Richard Caputo 

Dr. Richard Caputo (left), professor of social policy and research and director of the doctoral program at Wurzweiler School of Social Work, is working on a longitudinal study on the usage or take-up rate of the Earned Income Tax Credit (EITC).

“The EITC lifts a substantial number of people out of poverty, second only to Social Security in its anti-poverty effects,” said Dr. Caputo, who has devoted his career to examining the history of social welfare policies in the United States and their utilization by low-income individuals and families in order to break the cycle of poverty.

According to Dr. Caputo, while around 22 million individuals utilize the EITC, many others may not be taking advantage of this flexibility in the tax code. He is looking at existing national data files, known as the National Longitudinal Surveys (NLS) administered through the U.S. Department of Labor with cooperation from the U.S. Census Bureau, to identify at the national level EITC eligible, non-participating individuals.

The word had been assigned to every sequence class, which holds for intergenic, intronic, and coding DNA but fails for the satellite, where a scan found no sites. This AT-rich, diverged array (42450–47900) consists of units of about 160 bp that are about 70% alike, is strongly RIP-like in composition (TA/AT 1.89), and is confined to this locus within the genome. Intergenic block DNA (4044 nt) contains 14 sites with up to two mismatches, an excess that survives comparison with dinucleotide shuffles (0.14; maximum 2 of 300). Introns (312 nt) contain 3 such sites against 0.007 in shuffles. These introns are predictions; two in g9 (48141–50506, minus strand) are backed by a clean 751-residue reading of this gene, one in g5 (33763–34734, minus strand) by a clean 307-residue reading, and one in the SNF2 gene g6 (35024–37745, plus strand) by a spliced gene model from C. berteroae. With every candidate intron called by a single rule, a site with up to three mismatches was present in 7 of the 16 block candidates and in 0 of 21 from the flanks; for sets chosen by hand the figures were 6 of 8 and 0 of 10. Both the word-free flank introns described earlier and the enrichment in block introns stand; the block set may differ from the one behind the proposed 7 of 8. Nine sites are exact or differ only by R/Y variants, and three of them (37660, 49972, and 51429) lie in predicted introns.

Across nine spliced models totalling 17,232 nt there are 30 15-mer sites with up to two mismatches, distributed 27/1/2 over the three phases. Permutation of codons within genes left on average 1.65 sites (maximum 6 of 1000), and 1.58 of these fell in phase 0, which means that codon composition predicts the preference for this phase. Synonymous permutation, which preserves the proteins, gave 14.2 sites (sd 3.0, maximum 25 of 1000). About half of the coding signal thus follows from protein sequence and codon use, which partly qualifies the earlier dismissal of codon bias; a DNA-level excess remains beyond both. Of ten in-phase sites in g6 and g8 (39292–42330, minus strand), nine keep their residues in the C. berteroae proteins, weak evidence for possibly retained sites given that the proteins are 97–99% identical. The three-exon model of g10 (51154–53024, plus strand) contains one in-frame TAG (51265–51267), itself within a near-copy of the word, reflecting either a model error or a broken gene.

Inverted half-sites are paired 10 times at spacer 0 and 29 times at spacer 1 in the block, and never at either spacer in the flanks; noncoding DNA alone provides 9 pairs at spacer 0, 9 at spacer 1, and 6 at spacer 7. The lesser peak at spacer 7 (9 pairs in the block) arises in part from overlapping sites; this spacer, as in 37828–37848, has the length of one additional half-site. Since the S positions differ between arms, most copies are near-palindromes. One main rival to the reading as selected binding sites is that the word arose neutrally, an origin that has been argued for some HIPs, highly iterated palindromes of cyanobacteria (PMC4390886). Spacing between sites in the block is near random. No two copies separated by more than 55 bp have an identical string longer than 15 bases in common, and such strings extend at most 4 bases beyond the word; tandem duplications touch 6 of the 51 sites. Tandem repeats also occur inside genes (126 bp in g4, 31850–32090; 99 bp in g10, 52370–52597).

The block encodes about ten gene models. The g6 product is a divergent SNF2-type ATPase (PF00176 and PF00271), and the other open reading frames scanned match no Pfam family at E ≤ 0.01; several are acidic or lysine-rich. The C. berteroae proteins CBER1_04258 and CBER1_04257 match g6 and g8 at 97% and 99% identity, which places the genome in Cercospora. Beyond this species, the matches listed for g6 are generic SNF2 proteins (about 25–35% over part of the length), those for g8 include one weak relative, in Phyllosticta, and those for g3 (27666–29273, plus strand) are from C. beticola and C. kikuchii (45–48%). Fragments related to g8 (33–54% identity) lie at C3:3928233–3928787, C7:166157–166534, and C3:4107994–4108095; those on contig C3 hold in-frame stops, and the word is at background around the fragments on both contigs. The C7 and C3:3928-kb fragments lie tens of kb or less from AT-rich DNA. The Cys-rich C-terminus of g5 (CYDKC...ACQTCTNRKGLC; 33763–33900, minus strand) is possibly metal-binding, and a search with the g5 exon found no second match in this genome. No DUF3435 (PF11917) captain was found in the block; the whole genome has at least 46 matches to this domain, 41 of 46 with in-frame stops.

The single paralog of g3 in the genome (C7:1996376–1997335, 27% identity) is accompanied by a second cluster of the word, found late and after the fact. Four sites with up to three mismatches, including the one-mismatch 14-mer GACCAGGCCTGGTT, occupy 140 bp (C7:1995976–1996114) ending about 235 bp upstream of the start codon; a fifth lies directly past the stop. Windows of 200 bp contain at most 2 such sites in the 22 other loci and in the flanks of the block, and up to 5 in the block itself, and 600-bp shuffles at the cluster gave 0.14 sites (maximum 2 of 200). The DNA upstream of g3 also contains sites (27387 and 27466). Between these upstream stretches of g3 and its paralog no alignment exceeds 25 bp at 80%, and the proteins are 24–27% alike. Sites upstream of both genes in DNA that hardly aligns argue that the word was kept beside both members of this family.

Dr. Caputo explained that while there are very rich sources of national level data open to the public, the NLS also makes available restrictive data files that require institutional contracts and oversight before they can be accessed by researchers. (Yeshiva University supports this arrangement and oversight.) It is a worthwhile investment, Dr. Caputo said, because “you can get good county and good state data and carve out major sections like the New York metropolitan area.”

Dr. Caputo suggested that more low-income workers would file tax returns if social service agencies would partner with tax-preparation companies that could provide this service free or at low-cost to the filer. He said research has shown that federal social welfare policies such as EITC have been as successful as Social Security has in lifting low-income individuals out of poverty. The message from the federal government, he added, is “We’ll reward you if you’re working.”


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